Russia is likely violating an international treaty banning nuclear tests by conducting secret operations on remote islands above the Arctic Circle, a U.S. intelligence assessment revealed Wednesday.
Analysts who spoke to The Wall Street Journal say they believe Moscow is carrying out very low-yield nuclear tests on Novaya Zemlya, a remote archipelago, in order to bolster their weapons capabilities. Russia, the U.S. and dozens of other countries have previously agreed under the Comprehensive Nuclear Test Ban Treaty to prohibit nuclear tests of any size and related activities that generate explosive yields.
“The United States believes that Russia probably is not adhering to its nuclear testing moratorium in a manner consistent with the ‘zero-yield’ standard,” Lt. Gen. Robert Ashley, the U.S. Defense Intelligence Agency’s director, said in a speech at the Hudson Institute Think Tank.
Trump administration officials told The Wall Street Journal that other intelligence agencies share the same view.
Russian servicemen drive Yars RS-24 intercontinental ballistic missile systems during the Victory Day parade, which marks the anniversary of the victory over Nazi Germany in World War Two, in Red Square in central Moscow, Russia, in May. (Reuters)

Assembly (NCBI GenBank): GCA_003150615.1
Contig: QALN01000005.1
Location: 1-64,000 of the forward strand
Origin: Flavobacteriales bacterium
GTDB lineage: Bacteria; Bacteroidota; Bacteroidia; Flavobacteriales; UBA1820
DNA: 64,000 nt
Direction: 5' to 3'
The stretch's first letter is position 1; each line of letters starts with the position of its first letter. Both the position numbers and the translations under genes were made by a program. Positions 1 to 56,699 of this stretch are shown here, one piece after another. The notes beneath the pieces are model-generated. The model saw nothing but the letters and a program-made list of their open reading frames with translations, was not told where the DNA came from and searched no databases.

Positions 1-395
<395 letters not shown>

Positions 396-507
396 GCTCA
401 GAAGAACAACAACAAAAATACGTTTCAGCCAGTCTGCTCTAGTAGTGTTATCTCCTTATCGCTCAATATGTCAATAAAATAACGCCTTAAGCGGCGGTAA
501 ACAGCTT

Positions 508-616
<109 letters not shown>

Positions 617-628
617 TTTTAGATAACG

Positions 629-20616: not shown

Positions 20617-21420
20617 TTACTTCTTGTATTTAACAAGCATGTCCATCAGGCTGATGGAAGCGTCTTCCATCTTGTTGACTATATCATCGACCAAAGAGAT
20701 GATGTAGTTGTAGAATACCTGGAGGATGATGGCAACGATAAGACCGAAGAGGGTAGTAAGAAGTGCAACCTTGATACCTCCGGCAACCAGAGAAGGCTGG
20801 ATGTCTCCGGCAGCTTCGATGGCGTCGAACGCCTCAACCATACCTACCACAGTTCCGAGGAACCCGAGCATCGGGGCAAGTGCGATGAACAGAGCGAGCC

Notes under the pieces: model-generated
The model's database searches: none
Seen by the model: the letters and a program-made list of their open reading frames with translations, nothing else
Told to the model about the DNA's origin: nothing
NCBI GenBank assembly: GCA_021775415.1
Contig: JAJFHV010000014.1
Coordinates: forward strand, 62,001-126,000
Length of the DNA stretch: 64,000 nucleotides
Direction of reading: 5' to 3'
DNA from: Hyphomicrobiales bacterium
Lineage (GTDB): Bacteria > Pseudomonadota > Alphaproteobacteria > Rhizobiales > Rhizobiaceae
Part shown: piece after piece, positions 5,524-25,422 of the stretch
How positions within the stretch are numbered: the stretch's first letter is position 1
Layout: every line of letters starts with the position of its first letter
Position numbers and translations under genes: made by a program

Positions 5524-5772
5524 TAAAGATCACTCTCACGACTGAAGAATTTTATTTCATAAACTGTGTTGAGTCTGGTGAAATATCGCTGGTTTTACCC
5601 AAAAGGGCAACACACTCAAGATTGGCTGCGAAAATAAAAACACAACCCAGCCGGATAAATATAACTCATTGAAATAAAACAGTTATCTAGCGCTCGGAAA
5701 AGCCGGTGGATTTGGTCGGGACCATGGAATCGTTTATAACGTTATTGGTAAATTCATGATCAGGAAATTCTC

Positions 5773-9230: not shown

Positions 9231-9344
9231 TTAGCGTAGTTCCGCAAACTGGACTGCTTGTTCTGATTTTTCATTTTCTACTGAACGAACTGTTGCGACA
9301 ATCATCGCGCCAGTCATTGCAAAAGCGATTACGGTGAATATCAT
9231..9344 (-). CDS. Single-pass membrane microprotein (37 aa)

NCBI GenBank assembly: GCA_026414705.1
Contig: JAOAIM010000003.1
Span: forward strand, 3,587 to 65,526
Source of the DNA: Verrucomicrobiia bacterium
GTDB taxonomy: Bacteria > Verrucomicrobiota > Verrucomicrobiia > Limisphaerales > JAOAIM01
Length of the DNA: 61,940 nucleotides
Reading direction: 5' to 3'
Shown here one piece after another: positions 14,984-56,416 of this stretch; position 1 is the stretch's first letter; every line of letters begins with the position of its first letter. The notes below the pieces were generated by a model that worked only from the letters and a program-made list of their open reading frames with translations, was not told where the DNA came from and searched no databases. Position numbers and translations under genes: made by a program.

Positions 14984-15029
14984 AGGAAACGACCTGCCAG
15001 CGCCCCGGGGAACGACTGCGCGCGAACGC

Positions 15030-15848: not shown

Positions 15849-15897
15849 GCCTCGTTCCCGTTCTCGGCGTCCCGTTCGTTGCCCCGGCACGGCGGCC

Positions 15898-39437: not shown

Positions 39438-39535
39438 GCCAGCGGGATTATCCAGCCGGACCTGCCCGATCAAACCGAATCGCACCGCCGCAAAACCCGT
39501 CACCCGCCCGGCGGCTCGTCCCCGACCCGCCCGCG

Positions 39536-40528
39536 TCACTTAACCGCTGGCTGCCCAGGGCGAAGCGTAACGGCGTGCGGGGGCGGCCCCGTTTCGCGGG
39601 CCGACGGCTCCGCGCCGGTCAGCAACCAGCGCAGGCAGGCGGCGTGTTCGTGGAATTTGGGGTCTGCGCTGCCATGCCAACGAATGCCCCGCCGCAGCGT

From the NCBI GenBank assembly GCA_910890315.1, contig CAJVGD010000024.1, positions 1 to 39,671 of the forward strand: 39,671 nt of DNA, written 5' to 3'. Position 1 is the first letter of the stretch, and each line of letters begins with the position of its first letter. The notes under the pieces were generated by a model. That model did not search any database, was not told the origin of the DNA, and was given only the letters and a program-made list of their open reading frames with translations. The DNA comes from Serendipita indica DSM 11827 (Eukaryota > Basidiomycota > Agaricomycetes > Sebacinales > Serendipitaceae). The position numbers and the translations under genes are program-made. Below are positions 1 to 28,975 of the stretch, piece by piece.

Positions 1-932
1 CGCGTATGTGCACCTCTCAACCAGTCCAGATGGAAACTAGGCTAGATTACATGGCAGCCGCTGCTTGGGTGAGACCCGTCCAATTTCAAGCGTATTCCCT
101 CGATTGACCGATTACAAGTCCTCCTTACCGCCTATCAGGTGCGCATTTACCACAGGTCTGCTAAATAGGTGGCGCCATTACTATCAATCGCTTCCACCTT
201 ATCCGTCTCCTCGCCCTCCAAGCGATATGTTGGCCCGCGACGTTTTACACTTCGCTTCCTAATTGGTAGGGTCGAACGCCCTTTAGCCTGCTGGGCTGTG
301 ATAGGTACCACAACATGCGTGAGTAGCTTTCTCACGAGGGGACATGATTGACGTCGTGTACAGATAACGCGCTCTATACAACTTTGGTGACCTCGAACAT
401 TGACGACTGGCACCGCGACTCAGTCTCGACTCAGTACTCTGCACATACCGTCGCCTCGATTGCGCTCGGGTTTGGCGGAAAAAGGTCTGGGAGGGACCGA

“Our understanding of nuclear weapon development leads us to believe Russia’s testing activities would help it to improve its nuclear weapons capabilities,” Ashley added.
Those familiar with Russia’s testing would not say exactly how large the operations are. It is also not clear if the U.S. has raised its concerns with the Kremlin.
One Russian Embassy official in Washington denied that his country was violating the terms of the treaty, according to the Journal.
A senior Trump administration official said that the U.S. isn’t interested in resuming nuclear testing, but that it wouldn’t allow Russia and China to get away with any operations that go above the “zero yield” guidelines.
“We do not want to be held to a different standard than Russia and China,” he said.
The suspicions come months after Secretary of State Mike Pompeo announced that the U.S. is pulling out of a major arms-control treaty with Russia, citing alleged violations.
A U.S.-Russia treaty curtailing the use of long-range nuclear arms is also set to expire in early 2021. Trump administration officials are currently mulling over whether to renew, modify or abandon that agreement.